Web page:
Behavior of TEST UNIT READY command in idle and standby power conditions

Pat LaVarre p.lavarre at ieee.org
Thu Nov 29 10:48:31 PST 2012


* From the T10 Reflector (t10 at t10.org), posted by:
* Pat LaVarre <p.lavarre at ieee.org>
*
I think this thread launched by asking, is the polling for Kcq x20402
Initializing Command Required something we could simplify in some
fresh creative way?
Could we eliminate it, require it, code it always as Request Sense,
code it always as Test Unit Ready, include it in every Target's
Stopped state?
Or is it as simple as it can be already? More responsive targets don't
want it, less responsive targets need it, we somehow can't afford to
simplify our way thru that please-everyone contradiction?
> You have lots of choices (some of which work better in some circumstances
than others).
>
> I guess, what I’m saying, is that the answer isn’t a simple black or white
> (always GOOD, or always CHECK CONDITION).  Sometimes,
> you have to evaluate your internal situation and
> make a decision as to which response is appropriate for that situation.
(-: And again Fred says better than any of us what so many of us know
but few can say well.
Those sometime's happen often. That's how Scsi Interoperability is
nothing like Simple, instead Scsi works well only when enough us come
to agree in the code we ship as Initiators and Targets over what
Polite Scsi is.
The Scsi Aftermarket in particular measurably concretely commercially
rewards the Target for guessing well how the Initiator will
misunderstand. Like notice how we hear more of Interoperability
puzzles from Target people here in T10.Org email, not so much from
Initiator people. Targets that guess well just work better in the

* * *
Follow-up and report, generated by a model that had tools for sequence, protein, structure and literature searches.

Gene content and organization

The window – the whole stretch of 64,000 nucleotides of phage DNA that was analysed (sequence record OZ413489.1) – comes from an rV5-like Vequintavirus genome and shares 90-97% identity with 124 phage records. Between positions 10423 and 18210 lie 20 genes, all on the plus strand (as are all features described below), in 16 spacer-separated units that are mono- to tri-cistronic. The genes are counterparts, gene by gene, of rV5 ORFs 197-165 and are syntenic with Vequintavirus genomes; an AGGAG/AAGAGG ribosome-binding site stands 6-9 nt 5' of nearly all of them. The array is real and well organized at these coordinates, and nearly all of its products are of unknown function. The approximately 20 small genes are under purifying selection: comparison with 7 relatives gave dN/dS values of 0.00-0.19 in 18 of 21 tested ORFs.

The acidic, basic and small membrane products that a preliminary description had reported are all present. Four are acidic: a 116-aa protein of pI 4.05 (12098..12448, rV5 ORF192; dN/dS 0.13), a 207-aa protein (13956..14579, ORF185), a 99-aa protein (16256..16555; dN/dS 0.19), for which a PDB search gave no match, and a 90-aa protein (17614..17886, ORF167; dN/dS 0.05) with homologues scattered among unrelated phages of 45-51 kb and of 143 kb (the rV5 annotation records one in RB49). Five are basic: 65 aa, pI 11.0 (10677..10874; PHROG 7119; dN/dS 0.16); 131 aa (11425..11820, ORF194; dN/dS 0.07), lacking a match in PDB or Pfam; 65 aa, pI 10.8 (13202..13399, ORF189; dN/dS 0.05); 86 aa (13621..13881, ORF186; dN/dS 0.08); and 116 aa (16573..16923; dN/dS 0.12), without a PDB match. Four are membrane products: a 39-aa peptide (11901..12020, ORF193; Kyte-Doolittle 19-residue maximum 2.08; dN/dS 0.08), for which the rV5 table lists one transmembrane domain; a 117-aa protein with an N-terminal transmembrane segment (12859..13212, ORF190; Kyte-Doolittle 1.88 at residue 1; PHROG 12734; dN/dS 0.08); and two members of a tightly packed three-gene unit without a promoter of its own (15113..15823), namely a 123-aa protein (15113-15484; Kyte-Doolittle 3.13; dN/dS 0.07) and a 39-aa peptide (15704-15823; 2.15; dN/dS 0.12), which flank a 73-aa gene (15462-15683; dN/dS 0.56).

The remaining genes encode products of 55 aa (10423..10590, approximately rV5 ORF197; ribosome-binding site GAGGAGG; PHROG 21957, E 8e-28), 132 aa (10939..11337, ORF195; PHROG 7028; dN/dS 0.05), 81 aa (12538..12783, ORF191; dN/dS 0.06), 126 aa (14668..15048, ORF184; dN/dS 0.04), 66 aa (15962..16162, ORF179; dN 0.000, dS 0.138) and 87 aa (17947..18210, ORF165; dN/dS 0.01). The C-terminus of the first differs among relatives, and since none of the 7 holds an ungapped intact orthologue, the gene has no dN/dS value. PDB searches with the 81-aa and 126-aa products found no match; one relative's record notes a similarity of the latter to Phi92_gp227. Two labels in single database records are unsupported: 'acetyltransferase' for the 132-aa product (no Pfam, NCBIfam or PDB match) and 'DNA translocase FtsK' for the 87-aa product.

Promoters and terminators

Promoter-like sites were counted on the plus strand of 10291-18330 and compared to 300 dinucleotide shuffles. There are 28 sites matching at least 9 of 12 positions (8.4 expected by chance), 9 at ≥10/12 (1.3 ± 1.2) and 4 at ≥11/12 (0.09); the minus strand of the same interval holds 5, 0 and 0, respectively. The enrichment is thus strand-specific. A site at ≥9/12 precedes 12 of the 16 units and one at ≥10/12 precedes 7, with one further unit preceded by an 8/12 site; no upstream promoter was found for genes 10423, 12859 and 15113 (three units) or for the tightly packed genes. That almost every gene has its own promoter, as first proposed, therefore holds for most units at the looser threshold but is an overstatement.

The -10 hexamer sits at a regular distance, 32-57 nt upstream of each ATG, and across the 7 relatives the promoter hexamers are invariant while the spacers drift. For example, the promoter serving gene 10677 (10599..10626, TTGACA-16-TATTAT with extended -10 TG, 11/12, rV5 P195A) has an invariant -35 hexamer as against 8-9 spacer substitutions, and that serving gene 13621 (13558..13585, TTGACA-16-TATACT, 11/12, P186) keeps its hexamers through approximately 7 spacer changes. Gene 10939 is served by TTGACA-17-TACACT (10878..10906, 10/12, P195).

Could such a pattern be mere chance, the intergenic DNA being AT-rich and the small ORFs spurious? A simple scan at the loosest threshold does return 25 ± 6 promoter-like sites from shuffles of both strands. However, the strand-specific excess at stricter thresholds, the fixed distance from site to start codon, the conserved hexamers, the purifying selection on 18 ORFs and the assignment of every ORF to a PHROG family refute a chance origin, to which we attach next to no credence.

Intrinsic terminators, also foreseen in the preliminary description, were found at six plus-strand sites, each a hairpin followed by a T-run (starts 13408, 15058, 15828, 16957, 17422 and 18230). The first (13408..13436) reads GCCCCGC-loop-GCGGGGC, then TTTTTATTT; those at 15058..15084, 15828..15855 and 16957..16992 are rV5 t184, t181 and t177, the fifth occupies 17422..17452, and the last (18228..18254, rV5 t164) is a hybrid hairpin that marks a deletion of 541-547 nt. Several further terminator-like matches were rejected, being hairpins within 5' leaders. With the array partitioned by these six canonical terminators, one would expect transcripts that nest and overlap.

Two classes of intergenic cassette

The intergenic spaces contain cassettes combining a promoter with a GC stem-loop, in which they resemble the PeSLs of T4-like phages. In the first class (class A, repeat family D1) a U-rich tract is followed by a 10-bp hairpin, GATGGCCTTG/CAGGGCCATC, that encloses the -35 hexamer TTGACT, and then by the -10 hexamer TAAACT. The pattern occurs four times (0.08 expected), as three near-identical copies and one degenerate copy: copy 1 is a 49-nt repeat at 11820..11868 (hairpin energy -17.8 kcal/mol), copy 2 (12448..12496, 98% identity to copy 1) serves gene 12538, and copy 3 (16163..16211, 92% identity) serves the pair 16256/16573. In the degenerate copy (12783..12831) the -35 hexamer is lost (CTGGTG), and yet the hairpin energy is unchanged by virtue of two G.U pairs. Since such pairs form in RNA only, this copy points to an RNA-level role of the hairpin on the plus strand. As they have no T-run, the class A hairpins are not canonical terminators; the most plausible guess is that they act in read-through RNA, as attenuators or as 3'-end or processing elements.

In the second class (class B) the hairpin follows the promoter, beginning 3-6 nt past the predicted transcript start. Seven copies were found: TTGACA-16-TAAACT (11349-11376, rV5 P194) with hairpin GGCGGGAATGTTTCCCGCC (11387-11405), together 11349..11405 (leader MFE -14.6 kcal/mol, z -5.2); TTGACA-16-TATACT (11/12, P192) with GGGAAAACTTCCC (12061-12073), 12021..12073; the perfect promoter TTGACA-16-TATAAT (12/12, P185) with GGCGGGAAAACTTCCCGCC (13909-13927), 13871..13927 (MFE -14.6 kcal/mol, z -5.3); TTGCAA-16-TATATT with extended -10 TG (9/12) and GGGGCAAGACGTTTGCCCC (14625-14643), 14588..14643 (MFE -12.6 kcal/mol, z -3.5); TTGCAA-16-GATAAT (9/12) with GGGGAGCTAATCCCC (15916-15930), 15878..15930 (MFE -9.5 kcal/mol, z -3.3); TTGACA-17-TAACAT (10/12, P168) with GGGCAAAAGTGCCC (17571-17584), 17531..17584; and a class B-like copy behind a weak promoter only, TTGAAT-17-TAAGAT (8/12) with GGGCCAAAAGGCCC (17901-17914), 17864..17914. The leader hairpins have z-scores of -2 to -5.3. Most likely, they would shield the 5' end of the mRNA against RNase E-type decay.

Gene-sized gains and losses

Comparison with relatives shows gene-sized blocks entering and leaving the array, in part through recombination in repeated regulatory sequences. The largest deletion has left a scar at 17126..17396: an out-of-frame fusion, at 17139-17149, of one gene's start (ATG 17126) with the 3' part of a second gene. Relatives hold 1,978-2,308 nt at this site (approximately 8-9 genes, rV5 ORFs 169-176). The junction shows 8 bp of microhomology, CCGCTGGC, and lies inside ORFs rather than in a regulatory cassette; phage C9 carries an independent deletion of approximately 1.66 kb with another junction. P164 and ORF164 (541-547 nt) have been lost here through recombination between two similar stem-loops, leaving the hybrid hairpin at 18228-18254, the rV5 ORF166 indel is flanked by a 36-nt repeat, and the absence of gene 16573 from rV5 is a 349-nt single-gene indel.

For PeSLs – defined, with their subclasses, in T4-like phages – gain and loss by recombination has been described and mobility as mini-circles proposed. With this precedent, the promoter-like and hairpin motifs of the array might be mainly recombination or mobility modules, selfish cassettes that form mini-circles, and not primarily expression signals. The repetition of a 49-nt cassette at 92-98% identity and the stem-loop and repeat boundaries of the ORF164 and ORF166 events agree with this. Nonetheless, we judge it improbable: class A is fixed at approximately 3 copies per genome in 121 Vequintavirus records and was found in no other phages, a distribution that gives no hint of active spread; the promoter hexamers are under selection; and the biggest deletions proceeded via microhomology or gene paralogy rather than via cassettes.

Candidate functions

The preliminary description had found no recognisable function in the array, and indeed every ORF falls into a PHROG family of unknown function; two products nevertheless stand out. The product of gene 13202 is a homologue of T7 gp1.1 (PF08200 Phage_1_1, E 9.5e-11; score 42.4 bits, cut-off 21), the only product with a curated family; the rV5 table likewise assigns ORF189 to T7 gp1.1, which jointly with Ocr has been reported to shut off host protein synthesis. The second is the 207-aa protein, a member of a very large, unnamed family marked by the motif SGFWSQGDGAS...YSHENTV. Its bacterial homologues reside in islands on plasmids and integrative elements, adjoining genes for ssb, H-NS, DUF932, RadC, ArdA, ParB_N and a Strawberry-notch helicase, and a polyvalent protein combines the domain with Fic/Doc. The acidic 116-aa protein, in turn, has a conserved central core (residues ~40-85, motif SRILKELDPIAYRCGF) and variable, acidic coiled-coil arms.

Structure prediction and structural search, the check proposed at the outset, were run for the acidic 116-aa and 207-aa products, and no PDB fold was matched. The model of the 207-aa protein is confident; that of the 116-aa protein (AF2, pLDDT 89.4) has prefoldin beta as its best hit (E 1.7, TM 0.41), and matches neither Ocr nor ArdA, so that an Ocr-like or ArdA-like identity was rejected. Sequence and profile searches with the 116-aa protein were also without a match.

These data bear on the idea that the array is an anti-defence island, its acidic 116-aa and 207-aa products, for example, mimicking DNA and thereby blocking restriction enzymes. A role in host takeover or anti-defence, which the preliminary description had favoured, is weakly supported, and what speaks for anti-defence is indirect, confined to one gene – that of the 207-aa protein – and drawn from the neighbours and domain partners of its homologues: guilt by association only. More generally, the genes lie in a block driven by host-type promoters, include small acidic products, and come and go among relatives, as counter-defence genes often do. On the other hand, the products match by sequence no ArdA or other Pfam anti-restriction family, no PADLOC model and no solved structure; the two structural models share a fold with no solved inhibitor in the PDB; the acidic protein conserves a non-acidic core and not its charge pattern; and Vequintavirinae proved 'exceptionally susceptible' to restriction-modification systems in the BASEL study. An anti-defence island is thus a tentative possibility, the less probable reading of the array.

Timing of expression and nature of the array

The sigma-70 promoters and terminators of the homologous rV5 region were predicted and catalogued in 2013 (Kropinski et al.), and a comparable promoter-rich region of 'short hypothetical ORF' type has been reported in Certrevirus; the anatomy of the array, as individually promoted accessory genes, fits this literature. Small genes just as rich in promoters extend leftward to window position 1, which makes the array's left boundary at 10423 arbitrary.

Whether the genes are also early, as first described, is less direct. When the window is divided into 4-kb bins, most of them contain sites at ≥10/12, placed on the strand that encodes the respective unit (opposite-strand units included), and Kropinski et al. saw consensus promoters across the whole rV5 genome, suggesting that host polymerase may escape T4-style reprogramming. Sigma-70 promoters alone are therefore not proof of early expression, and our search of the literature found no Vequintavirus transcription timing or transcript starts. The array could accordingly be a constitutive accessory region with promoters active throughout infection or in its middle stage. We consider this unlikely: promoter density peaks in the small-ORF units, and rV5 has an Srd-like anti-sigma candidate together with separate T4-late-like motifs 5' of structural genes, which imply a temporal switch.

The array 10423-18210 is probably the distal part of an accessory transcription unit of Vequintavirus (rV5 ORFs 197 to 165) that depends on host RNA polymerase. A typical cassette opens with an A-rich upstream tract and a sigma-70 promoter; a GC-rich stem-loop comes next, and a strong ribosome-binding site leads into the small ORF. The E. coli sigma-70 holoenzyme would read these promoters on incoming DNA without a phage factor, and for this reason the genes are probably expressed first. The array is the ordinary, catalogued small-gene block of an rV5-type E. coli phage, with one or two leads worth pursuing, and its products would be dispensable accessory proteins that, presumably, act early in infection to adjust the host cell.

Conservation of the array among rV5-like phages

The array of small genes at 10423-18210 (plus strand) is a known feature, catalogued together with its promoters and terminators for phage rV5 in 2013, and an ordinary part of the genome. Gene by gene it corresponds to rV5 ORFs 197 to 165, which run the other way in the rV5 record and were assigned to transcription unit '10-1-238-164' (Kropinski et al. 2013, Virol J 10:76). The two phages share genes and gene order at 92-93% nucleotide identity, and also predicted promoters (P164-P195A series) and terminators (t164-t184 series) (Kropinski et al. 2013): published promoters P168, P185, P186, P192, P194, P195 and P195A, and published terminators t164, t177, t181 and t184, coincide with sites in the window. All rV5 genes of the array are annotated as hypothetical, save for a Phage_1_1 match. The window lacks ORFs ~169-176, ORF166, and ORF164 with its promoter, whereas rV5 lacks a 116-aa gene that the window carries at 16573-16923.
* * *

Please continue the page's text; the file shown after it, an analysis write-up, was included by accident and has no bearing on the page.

Aftermarket, they beat out the others, even an earlier generation from
the same vendor, because they give less hassle to the Aftermarket
customers who add Targets to Initiators.
I'm less confident about how guessing well plays in the compatibility
labs of Enterprise Scsi. I've mostly seen more reasonably complete
specifications and qualifications up there, less room for guessing,
less occasion for the Initiator to be foolishly thinking of one kind
of Target while actually working with another, margin enough to pay
for thoughtful design in advance.
> I’m suggesting that
> you forget about your internal state for just a minute and
> focus on the visible behavior instead ...
> remember, these are models ...SCSI has always been
> more about the visible behavior than actual verifiable internal state.
Yes exactly.
> Yes, I know, engineering sacrilege.
Eh? Sacrilege? To whom? When? Why?
Isn't the win for this seeing of SCSI as an Interoperability Model
well established
in Postel's social engineering paradox nutshell
= """Be conservative in what you do, be liberal in what you accept
|from others."""
= ~~~ We all should code workarounds for people acting foolishly,
after failing to persuade them to change
= ~~~ An opaque bridge not liberal in what it accepts, a transparent
bridge not conservative in what it sends, Q E D no bridge delivers as
much interoperability as it appears to promise.
?
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